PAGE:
Fortunately, Lumet’s classic version, which I hadn’t seen in decades, was available on Amazon Prime. And so the film festival was inaugurated.

Full disclosure: I haven’t read the novel, though there was a time when I was a great devotee of Agatha Christie, so I can’t be positive whether Branagh’s differences from the Lumet version are actually more faithful to the book. But if you get to pick and choose, then choose wisely. Given what I know about Christie in general and Hercule Poirot in particular, I think it’s safe to assume that Poirot was not intended to be a superhero, chasing one suspect through the supports of a railway bridge, engaging in fisticuffs with another, and taking a bullet in the shoulder in the process.

Those moments in the remake smack of an attempt to appeal to a modern audience more accustomed to Marvel comic movies than a period piece that takes place within the genteel confines of the Calais coach. Why do directors think that “opening up” a story is, by definition, a good thing? I’m reminded of Baz Luhrmann’s Great Gatsby, using Busby Berkeley dance numbers and—god help us—3-D to completely upend what is primarily an intimate story about a few human beings confronting their own moral quandaries. (More disclosure: for all I know, Luhrmann’s messterpiece may have turned genius at some point in its 2+ hours, but I couldn’t make it through the assault of the first 10 minutes.)

Other differences in the plot in Branagh’s version of the story were innocuous enough (combining the colonel and the doctor into a single part, turning another character into a grieving father rather than a grieving brother), and I rather enjoyed the director’s visual pyrotechnics. In one scene, various characters are shot through windows, which reflect their faces to suggest their duplicity; in another scene, the camera is positioned at the ceiling, heightening the mystery while suggesting Poirot’s godlike ability to spot the truth. Less successful are the anachronistic bones Branagh throws to political correctness with references to racism that seem the moral equivalent of the chase scenes—little more than an attempt to make the story feel more contemporary.

It’s a visually beautiful film, despite the obvious use of CGI—which may or may not have been called upon for Branagh’s mustache—but, when compared to Lumet’s version, its beauty is only skin deep. The first thing you notice about the 1974 film, by contrast, is the verisimilitude. As each character parades through the station in Istanbul, dodging fallen oranges and insistent gypsies on their way to board the train, we see ugliness along with the glamour. It feels real, and it feels like 1934. You can practically smell 1934.

Unlike what passes for a mystery these days, Murder on the Orient Express is primarily a story about character. The heart of the piece is Poirot’s interviews with the suspects. For no apparent reason, Branagh moves the interviews around—one takes place absurdly over tea in the middle of the snow—whereas Lumet keeps them inside the train, all but one in the dining coach. The confined space lends an intensity to each scene and gives the actors a chance to shine—if only because Lumet grants them more dialogue than Branagh can afford, what with all those chase scenes and self-indulgent camera angles. Compare Ingrid Bergman’s Oscar-winning performance, thanks to the complexity of her nuanced character, to the breadcrumbs the later script offers to Penélope Cruz, an accomplished and talented actress who could have done so much more if she’d only had a part to play.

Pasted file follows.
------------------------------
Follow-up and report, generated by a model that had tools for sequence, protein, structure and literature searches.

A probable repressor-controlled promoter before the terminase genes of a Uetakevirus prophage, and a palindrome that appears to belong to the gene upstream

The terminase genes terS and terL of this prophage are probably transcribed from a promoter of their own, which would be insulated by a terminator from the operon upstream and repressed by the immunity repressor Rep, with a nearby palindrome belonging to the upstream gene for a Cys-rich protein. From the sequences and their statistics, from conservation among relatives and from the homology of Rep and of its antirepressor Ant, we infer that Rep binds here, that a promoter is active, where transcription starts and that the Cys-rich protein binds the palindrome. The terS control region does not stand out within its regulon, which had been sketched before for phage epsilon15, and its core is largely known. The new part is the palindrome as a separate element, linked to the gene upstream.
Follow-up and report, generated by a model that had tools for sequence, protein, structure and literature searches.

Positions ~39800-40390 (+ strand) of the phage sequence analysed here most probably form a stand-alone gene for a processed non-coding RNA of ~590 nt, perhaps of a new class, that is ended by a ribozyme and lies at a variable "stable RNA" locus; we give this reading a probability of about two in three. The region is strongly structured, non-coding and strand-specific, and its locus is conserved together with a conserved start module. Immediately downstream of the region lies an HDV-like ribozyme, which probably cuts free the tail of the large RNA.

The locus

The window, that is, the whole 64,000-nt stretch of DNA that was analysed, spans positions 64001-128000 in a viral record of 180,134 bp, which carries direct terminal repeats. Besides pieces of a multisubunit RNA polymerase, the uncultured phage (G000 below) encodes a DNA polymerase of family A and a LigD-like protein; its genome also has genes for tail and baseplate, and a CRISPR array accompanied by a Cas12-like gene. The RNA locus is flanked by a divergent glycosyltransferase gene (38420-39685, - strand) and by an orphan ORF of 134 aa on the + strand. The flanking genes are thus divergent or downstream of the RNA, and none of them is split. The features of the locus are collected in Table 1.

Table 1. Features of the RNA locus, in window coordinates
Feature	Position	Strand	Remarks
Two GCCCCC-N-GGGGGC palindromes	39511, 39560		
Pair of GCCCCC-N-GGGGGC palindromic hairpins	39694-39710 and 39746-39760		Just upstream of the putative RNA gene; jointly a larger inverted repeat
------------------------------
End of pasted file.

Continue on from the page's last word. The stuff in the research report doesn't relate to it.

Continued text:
Even though every character lies through his or her teeth in the interviews, we still learn something, we still see cracks in their armor. And Lumet brings the solution together slowly, whereas Branagh telegraphs it all a bit too much, leaking the ugly truth out faster than the Trump White House. When the big reveal comes, he has the suspects aligned behind a long table—bizarrely, in a tunnel on the tracks rather than inside the eponymous train—conjuring an image of the Last Supper, I suppose, with Michelle Pfeiffer’s ringleader in the role of Jesus.

The climax of Branagh’s film is dispensed with before you can say “mustache wax,” so it was quite wonderful to see Lumet devote a good 45 minutes to the scene. As Albert Finney and his excessively pomaded head move through the dining coach, pulling the truth from one suspect after another, the audience is riveted—not only by the complexity of the mystery, but by Poirot’s methodology in solving it. This is, of course, the genius of the story: character, not spectacle.

Which raises the question: why on earth do people remake classic films? Remake bad ones, please: maybe someday, somebody will get The Great Gatsby right. But unless you’re going to add something significant, remakes are an exercise in futility. I’m just waiting for someone to decide that we really need to see Citizen Kane in color. Starring Dwayne Johnson, of course.